Nuland, of course, was the man on the ground who handed out the bribes and instructions that caused the coup d’état of 2014. That coup removed Ukraine’s legitimate, democratically elected government and replaced it with the current junta. That coup/invasion is the beginning of the current war, not the Russian invasion of February.

Under the neocon regime in Washington, the US has attacked in one way or another:

Afghanistan, Belarus, Egypt, Georgia, Iraq, Iran, Kazakhstan, Libya, Serbia, Somalia, Sudan, Syria, Turkey (!!!), Ukraine, Yemen…

Not one of those countries had attacked us or any of our allies. These are wars of pure American aggression.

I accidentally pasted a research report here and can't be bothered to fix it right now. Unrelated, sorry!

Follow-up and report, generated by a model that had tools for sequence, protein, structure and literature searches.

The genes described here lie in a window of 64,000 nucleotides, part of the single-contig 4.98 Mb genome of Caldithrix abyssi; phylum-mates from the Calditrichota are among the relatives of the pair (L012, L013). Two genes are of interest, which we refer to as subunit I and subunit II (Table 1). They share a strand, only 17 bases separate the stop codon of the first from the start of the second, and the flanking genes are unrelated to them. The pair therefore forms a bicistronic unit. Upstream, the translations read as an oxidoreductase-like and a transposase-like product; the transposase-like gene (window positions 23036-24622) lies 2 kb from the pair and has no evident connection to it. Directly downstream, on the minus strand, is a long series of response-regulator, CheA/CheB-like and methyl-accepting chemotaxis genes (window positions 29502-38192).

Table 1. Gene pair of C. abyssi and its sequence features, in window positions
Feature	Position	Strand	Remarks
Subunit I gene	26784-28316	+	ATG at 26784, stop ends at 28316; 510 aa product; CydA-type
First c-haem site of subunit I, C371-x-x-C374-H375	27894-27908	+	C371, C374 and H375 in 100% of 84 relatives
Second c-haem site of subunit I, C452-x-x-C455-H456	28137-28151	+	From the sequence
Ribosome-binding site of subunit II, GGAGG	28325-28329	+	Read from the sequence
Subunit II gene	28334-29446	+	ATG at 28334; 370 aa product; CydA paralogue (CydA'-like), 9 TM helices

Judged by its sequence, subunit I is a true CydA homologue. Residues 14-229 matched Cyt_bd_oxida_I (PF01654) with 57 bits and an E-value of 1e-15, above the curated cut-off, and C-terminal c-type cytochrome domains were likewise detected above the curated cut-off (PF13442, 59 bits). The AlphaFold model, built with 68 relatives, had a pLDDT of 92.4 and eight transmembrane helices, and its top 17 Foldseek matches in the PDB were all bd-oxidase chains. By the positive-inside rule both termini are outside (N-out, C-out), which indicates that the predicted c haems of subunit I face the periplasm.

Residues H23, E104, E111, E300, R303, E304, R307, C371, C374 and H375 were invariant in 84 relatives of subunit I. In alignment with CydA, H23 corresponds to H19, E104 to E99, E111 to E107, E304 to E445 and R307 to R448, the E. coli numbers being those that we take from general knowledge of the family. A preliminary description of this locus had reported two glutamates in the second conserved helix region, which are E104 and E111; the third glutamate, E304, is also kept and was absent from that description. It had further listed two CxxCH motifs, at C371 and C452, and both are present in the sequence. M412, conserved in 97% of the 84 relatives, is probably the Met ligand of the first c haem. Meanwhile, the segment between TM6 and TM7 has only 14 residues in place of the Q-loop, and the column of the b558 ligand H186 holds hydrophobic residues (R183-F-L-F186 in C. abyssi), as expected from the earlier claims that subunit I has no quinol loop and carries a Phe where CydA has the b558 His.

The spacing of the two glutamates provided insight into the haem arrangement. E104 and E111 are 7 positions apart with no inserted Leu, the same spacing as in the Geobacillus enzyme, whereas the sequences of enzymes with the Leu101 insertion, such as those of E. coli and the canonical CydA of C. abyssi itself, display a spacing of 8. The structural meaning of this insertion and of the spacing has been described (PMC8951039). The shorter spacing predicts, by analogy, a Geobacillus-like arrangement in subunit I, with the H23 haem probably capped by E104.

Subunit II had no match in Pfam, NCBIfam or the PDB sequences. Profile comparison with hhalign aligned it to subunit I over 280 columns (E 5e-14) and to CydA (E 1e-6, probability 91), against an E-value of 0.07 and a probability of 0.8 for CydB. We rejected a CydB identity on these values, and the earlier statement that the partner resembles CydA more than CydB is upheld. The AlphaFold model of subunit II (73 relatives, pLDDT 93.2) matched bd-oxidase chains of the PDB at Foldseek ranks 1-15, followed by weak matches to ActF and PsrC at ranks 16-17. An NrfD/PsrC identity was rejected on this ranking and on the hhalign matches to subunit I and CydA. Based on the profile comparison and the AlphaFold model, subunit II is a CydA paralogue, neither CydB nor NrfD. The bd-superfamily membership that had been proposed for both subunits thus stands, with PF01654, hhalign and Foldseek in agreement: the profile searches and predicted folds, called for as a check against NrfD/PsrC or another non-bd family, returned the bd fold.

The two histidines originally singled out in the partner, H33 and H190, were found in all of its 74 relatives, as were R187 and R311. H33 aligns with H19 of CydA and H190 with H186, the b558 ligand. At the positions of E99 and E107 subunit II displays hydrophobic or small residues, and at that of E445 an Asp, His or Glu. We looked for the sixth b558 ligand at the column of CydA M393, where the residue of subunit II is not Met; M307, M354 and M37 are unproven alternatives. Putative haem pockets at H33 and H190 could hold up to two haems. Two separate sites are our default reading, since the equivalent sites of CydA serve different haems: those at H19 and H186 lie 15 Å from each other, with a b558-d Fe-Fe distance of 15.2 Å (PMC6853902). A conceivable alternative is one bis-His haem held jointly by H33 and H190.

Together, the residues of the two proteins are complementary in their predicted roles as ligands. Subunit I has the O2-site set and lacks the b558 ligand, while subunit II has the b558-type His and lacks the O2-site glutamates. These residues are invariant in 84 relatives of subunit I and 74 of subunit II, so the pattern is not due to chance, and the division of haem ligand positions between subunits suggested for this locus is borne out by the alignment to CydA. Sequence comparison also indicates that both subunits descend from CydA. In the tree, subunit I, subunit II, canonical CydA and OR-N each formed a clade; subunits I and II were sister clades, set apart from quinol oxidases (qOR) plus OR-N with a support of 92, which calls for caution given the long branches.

By comparison, over the same period, Russia has attacked:

Georgia, Ukraine.

The US is a rogue terrorist state that has been on a berserker rage for the last 30 years.


There’s no shortage of people willing to sacrifice Your son for their ideals and investment portfolios.

J Sams

Amen. Let Mr. Kagan go put his words into deeds and leave my countrymen and myself out of it. It’s high time that these soft handed, arrogant twits and those dear to them shed some blood. They’ve actually wasted the lives of far too many men and women who were far more worthwhile than they will ever be. How they still retain relevance after crapping away the remains of a once great nation baffles me. The warmonger filth deserve hot tar and feathers.


WELL! i WAS going to leave a comment but the 5 that are already here said everything i wanted to. only better